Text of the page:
It seems to have all started with Robin Williams’s death and that awfully omen-like dream I had just days before about him. I still can’t shake that.

Anyway, battles everywhere are being lost—to cancer, to addiction, to suicide, to old age (even). And at this time of year, it’s all we can do to let the Christmas lights twinkle and the holiday songs play without feeling the cut of grief and loss, no matter what shape it takes. So instead of “bah humbug”—I’m being grateful. Let the magic in, for those who can stand it.

To everyone facing loss right now, my heart is with you. All the way. <3

mt

Christmas Rant | Retail Woes, Ugly Blow-Ups & My Grinch-Sized Heart

I want to hurt people.

No…let me rephrase that. I’m not a violent person. Really. It’s probably hard to believe I could hurt anyone. Just look at me. I’m a four-eyed, sweater-clad twenty-something with a graduate degree in poetry. So let me put it this way: I want to hurl shopping carts at people—but not really hit them, just come close enough to send them running in the other direction, preferably out of the shopping mall all together and back to their cozy suburban dwellings.

It’s the time of year that gets me. I become loudly disgusted in humanity: prone to fits of Tourette’s-like cursing, erratic driving, and sometimes when no one is listening, I revise the words of popular Christmas tunes to sing about murder, prostitution and all-around mayhem. It’s cool. I would never do anything about it. It’s just a thought.

I know. I realize it’s a hell of a time to be ornery, especially for someone like me—noted to have an almost tragic “hippie optimism” and a deeply rooted humanitarian-style set of personal politics. But let me explain.

It isn’t the grinning array of elves and Santa knick-knacks, nor the multi-colored strands of lights outlining every house. In fact, I enjoy the décor. Well, all but those obnoxious ballooning blow-ups strangling the lawns of Greensburg. Talk about overdoing it. I thought lawn balls were lame. But now we’ve got puffy Snoopys and snowmen, carousels and over-fed Santas… Look, people, chances are if you’re a suburbanite like me, your green space is already limited to a patch of scraggly yellowing grass, maybe a shrub or two, but most certainly not enough room for a life-size team of googly-eyed reindeer. Just sayin’.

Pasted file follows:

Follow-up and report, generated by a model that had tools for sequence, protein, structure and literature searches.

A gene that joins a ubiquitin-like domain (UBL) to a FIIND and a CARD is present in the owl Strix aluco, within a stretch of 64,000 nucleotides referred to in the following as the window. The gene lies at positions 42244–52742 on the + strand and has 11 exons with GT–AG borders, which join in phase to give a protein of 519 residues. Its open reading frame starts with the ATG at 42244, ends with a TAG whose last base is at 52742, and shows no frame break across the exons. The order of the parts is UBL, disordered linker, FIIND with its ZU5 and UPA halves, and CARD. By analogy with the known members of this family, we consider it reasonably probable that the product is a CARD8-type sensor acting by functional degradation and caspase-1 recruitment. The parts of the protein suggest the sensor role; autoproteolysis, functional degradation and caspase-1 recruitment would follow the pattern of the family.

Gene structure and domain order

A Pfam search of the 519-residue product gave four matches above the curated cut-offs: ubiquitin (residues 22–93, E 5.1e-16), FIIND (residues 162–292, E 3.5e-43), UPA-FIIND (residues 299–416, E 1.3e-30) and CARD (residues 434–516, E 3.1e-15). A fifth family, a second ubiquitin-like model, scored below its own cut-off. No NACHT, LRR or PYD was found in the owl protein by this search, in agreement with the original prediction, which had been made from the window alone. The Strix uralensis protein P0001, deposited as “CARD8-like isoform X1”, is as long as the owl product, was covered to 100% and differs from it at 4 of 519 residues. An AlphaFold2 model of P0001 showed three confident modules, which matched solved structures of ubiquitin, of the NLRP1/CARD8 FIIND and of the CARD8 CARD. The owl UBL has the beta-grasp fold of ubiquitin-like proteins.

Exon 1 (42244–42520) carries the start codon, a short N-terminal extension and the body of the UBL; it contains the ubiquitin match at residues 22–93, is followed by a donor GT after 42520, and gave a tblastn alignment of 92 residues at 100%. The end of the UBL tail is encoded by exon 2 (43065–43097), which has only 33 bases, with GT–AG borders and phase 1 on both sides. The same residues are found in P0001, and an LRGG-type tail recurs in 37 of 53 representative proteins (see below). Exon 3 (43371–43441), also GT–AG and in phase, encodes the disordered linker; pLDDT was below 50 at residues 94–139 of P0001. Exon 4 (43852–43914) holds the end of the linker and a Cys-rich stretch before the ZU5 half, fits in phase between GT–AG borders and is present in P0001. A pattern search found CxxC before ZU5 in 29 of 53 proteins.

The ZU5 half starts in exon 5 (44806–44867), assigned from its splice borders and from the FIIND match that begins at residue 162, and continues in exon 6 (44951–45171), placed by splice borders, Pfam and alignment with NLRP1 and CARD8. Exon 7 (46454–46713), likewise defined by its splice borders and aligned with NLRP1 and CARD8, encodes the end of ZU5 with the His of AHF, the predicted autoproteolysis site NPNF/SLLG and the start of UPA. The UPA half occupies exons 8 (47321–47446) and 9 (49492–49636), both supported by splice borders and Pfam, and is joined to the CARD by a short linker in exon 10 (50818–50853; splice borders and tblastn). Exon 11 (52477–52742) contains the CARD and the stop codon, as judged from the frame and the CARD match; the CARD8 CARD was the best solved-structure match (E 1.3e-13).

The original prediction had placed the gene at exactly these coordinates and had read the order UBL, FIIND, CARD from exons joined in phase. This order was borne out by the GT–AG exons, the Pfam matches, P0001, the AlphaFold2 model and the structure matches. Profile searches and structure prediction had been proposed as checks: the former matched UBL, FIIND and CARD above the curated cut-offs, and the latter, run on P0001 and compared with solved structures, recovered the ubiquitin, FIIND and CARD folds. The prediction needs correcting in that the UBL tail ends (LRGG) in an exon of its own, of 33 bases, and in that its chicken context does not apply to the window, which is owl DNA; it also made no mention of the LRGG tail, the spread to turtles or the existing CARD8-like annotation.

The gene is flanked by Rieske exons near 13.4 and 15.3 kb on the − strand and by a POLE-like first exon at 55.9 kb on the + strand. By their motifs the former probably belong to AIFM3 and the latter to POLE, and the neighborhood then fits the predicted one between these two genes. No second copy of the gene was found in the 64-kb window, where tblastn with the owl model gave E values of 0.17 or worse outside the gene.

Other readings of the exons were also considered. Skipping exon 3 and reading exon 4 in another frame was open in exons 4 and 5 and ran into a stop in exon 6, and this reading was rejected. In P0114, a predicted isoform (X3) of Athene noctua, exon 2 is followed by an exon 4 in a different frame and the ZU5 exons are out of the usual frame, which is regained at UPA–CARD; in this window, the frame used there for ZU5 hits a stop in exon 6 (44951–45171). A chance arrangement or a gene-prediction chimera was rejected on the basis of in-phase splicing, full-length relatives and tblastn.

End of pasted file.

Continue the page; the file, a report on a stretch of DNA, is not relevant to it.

Thanks to the NYTimes.com for this pic.

I’m still trying to figure out the whys of this. What happened to me? What happened to my Christmas?

Retail is the most obvious scapegoat. I like to blame the years spent holed up in a 12 by 12 room, on-camera, counting money in a grocery store’s cash office. For years, it was nothing but me and seven endless hours of looped Christmas music (a day) counting someone else’s dirty money. I only ever emerged when called upon to handle extra-bitchy customers. More than likely, our system was declining their gift cards, or they wanted to return their holiday turkeys and hams before they had a chance to enjoy them. Hey, customers can be smart. They found them for two-cents-per-pound cheaper at Shop ‘N Save or Community Market. And I’m supposed to give a shit. Because now, I have to throw these things away. Yes, for public safety reasons, Giant Eagle automatically assumes all perishable returns—no matter how well they are sealed—were injected with cyanide or simply left to grow bacteria in your backseat for days.

“But wait,” a customer might point out, as I’m disposing of their 20-pound mistake. “Are you sure you have to pitch it? I mean, there’s nothing wrong with it. I just found it cheaper somewhere else.”